New to Autism

Updated on October 30, 2007
N.B. asks from Brunswick, ME
6 answers

My daughter has recently been diagnosed by her pedia with a mild form of Autism. This does explain all of the developmental delays I have been experiencing with her. I've even asked for advice through mamasource about potty training and talking. Anyway, we have an appt with Child Find through LISD (in Sept)and an appt with a nuerologist (in Oct) to determine the level of her disability. I do consider myself fortunate because she can ask me for things with one or two words, like "milk" "snack" "go outside?" She is attached to my husband and I, she loves to give hugs and kisses. She plays by herself for hours but lately she comes around the corner to the living room to make sure I'm there. So it could be a lot worse than what it is. She does have an obvious social disorder outside of the house/unfamiliar places and I have to be very careful to stick to her routine, or it's chaos. It stresses her out and she can't handle it. Ironically, I thought it was because she wasn't getting enough socialization so I was putting her in classes and activities with large groups of kids and it always ended in disaster. Now I realize that that was the worse thing I could be doing for her. I'm glad to have found out because it answers a lot of my questions and eases my frustrations about how to help her. Anyway, I just wanted to hear from other Moms with autistic children, how's it going for them. Any awesome books or websites to check out would be very helpful. Also, her pedia called her condition PPD not PDD. I have seen it listed as autism/ppd, through a search engine, but I can't find any info on what PPD stands for. I'd love to hear what other parents of autistic children are doing and what I can do now before we get to our appointments in Sept and Oct. I wish we didn't have to wait so long! Thanks, N.
Also, I just wanted to add that I have started keeping a journal of her behavior. I read about the majority of symtoms associated with autism and I write down the ones she does do and the ones she doesn't. I though it may help the therapist during her evaluation. Is this a useful tool?

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M.M.

answers from San Antonio on

Hi Nora. I'm happy that you can begin a good understanding of how to help your daughter. Although it is under not so happy circumstances, the path you will go now will be good for the health of your whole family. I can hopefully give you some information that can help you to better understand or at least give you a few places to get more information.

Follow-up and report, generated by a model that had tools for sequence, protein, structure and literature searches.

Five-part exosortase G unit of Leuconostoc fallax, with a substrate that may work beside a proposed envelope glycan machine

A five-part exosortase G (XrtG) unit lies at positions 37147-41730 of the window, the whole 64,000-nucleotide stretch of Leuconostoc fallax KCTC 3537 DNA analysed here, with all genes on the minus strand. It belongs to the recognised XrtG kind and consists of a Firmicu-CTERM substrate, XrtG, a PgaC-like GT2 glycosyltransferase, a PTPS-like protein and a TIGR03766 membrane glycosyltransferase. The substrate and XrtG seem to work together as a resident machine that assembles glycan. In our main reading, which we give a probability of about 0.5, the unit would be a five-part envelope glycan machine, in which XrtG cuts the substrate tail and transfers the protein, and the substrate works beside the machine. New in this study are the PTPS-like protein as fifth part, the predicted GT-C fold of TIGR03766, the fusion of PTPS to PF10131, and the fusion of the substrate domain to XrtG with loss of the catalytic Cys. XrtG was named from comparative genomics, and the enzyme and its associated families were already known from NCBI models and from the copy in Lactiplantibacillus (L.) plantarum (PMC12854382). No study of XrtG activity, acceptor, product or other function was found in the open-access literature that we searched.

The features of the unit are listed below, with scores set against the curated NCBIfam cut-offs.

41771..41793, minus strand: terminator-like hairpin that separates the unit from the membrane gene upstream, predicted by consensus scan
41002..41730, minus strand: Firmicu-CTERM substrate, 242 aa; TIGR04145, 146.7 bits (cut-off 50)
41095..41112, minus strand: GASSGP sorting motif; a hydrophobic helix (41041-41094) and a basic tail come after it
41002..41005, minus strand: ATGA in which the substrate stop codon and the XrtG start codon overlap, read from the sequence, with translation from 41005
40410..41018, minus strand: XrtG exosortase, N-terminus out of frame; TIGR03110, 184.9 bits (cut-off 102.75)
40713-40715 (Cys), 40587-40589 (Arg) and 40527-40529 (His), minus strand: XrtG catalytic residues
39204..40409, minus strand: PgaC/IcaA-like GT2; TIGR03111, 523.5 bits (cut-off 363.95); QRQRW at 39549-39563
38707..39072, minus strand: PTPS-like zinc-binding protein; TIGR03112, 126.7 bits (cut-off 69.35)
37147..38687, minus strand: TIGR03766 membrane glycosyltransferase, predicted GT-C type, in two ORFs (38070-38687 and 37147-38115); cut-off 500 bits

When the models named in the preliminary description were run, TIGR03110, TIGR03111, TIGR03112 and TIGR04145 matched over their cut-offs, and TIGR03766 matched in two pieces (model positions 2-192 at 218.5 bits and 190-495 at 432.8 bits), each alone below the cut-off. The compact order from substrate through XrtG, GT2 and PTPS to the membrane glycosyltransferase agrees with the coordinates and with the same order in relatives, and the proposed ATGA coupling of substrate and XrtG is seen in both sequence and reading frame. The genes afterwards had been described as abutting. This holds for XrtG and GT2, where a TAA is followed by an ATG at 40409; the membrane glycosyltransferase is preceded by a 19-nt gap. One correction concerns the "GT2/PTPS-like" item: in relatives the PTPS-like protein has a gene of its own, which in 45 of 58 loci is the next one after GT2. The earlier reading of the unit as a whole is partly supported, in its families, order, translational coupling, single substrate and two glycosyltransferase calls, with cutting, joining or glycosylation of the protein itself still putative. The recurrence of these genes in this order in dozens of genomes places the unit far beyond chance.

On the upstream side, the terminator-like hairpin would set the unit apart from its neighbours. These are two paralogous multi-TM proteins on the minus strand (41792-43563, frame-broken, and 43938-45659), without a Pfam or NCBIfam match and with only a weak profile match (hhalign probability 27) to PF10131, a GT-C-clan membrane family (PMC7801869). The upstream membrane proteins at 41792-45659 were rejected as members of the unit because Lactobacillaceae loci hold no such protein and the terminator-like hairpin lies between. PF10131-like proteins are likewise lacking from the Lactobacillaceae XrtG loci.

Autism is one of five disorders that falls under the umbrella of 'Pervasive Developmental Disorders'or PDD.
There are 5 types of treatment that I know of. It's important to understand that a child can not outgrow autism but the symptoms can lessen as the child develops and receives treatment.
Treatment 1: Behavioral Treatment - teaches people of all ages with autism how to communicate appropriately, this training has been known reduce behavior problems and improve adaptation
skills. ABA (Applied Behavioral Analysis) is based on the theory that behavios rewarded is more likely to be repeated than behavior ignored. TEACHH (Treatment and Education of Autistic and related Communication Handicapped Children) is a structured teaching approach based on the idea that the environment should be adapted to the child with autism not the child to the environment.
2. Speech and Occupational Therapy: Speech Therapy can help the child improve their lang. skills and communicate more effectively. Occupational and physical therapy can help to improve any deficiencies in coordination and motor skills. Occupational therapy can also help the child to learn to process information from the senses in more manageable ways.
3. Parent and Family education and Support: Support and training for the family is an important part of treatment for a child w/autism. Training a family how to effectively manage the syptoms of autism can reduce stress and improve the functioning of a child with autism. It's important for family members to have support also by having contact with other families w/autistic children.
4. Medications: Are not used to treat autism but are sometimes used to treat the symptoms. Pediatricians often suggest only using a medication to target the main one or two problem behaviors in order to allow the other treatments to benefit the child.
5. Specialized educational program: The Individuals with Disabilities Education Act of 1997 states that funds are granted to individual states with special education prgrams. IDEA specifically states that the state, 'provide free and appropriate education' and an 'individualized education program'. There are many children on IEPs in schools today.